44. 44. Miscellaneous 2 • The Delta Ratio (∆/∆) • Assessment of elevated anion gap metabolic acidosis to determine if a mixed acid base disorder is present.Delta ratio = ∆ Anion gap/∆ [HCO3-] or ↑anion gap/ ↓ [HCO3-] = Measured anion gap – Normal anion gap Normal [HCO3-] – Measured [HCO3-] = (AG – 12) (24 - [HCO3-]) 44
    45. 45. Miscellaneous contDelta ratio Assessment Guidelines < 0.4 Hyperchloremic normal anion gap acidosis <1 High AG & normal AG acidosis 1 to 2 Pure Anion Gap Acidosis Lactic acidosis: average value 1.6 DKA more likely to have a ratio closer to 1 due to urine ketone loss High AG acidosis and a concurrent metabolic alkalosis >2 or a pre-existing compensated respiratory acidosis45
    46. 46. Compensation Primary Disorder Compensatory Mechanism Metabolic acidosis Increased ventilationMetabolic alkalosis Decreased ventilationRespiratory acidosis Increased renal reabsorption of HCO3- in the proximal tubule Increased renal excretion of H in the distal tubuleRespiratory alkalosis Decreased renal reabsorption of HCO3- in the proximal tubule Decreased renal excretion of H+ in the 46
    47. 47. Compensator Compensatory Initial Expected levelPrimary y chemicaldisorder change compensation Mechanism response PCO2 = (1.5 × [HCO3-]) + ± 2Metabolic ↓HCO3- ↓PCO2 Hyperventilation ↓PCO2 = 1.2 ×∆ [HCO3-]Acidosis PCO2 = (0.9 × [HCO3-]) +Metabolic 16 ± 2 ↑HCO3- ↑PCO2 HypoventilationAlkalosis ↑PCO2 = 0.7 × ∆ [HCO3-]Respiratory ↑PCO2 ↑HCO3-    Acidosis Intracellular Buffering ↑[HCO3-] = 1 mEq/L forAcute     (hemoglobin, every 10 mm Hg ∆PCO2 intracellular proteins) Generation of new HCO3- due to the ↑[HCO3-] = 3.5 mEq/L forChronic     increased excretion every 10 mm Hg ∆PCO2 of ammonium.Respiratory ↓PCO2 ↓HCO3-    Alkalosis Intracellular ↓[HCO3-] = 2 mEq/L forAcute     Buffering every 10 mm Hg ∆PCO2 Decreased reabsorption of 47 ↓[HCO3-] =4 mEq/L for
    48. 48. Acidemia (PH<7.35) PCO2 Normal High Or low Incompatible Normal [HCO3] [HCO3] or high Low Low High Normal MixedChronic Acute respiratoryrespiratory respiratory and metabolic Metabolicacidosis acidosis acidosis acidosis 48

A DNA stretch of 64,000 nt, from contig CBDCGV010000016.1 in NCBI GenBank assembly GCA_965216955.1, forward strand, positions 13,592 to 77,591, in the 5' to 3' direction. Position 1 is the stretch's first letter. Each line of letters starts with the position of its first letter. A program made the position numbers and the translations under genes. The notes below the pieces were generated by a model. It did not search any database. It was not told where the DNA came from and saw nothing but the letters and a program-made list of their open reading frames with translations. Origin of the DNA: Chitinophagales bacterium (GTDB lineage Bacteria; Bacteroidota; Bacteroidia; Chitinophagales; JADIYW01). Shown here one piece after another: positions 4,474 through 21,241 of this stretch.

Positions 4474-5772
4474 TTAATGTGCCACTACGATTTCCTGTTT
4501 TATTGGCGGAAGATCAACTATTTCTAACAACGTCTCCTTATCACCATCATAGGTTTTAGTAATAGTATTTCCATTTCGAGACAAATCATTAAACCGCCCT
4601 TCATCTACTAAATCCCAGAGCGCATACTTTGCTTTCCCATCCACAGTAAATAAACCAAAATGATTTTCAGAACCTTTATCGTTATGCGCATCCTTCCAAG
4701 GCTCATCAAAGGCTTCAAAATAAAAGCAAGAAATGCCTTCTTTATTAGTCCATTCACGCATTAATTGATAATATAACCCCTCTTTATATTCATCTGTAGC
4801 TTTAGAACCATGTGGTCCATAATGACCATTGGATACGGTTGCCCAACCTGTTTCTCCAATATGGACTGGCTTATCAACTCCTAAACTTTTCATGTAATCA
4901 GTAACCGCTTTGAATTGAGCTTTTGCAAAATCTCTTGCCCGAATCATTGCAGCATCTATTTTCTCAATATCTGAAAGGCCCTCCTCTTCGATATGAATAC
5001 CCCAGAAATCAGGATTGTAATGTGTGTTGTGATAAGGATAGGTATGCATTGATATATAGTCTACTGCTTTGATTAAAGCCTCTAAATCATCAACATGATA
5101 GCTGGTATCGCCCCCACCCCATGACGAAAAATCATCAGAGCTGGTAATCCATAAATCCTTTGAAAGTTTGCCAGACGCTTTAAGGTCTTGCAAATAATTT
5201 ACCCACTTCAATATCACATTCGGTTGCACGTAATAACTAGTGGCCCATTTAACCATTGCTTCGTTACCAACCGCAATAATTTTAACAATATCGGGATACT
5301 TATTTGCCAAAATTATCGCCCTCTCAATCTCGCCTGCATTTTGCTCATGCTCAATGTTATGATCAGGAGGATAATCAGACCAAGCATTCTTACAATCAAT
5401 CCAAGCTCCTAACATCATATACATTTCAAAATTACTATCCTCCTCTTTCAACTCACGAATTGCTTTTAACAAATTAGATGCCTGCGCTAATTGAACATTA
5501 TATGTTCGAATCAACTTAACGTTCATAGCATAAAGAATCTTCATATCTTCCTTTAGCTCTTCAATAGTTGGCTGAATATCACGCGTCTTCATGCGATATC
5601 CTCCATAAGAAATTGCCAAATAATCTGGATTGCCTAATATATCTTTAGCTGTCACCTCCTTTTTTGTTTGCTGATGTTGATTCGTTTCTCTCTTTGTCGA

49. 49. ↓ Plasma [HCO3] Anion gap Normal Increased High anion gap Plasma [K] metabolic acidosis Low Normal High Respiratory HyperkalemicHypokalemic alkalosishyperchloremic hyperchloremicmetabolic acidosis metabolic acidosis 49
    50. 50. Alkalemia (PH>7.45) PCO2 Low HighNormal Normal[HCO3] Incompatible or [HCO3] Low High High Low NormalMixed Acute Chronic Metabolicrespiratory and respiratory respiratory alkalosismetabolicalkalosis alkalosis alkalosis 50
    51. 51. ↑ Plasma [HCO3]Metabolic alkalosis Respiratory acidosisSpot urine [Cl] >20mmolL <20mmolL Saline Saline responsive unresponsive metabolic alkalosis metabolic alkalosis 51
    52. 52. Example• A patient is in intensive care because he suffered a severe myocardial infarction 3 days ago. The lab reports the following values from an arterial blood sample: – pH 7.3 – HCO3- = 20 mEq / L ( 22 - 26) – pCO2 = 32 mm Hg (35 - 45) Diagnosis• Metabolic acidosis• With partial compensation 52
    53. 53. CASE 1• A 44 year old moderately dehydrated man was admitted with a two day history of acute severe diarrhea. Electrolyte results: Na+ 134, K+ 2.9, Cl- 108, HCO3- 16,• Urea 31, Cr 1.5.• ABG: pH 7.31 pCO2 33 mmHg HCO3 16 pO2 93 mmHg 53
    54. 54. CASE 2• A 22 year old female with type I DM, presents to the emergency department with a 1 day history of nausea, vomiting, polyuria, polydypsia and vague abdominal pain. P.E. noted for deep sighing breathing, orthostatic hypotension, and dry mucous membranes.• Labs: Na 132 , K 6.0, Cl 93, HCO3- 11 glucose 720, Urea 38, Cr 2.6. UA: pH 5, SG 1.010, ketones negative, glucose positive . Plasma ketones trace. ABG: pH 7.27 HCO3- 10 PCO2 23• What is the acid base disorder? 54
    55. 55. CASE 3• A 70 year old man with history of CHF presents with increased shortness of breath and leg swelling. ABG: pH 7.24, PCO2 60 mmHg, PO2 52 HCO3- 27• What is the acid base disorder? 55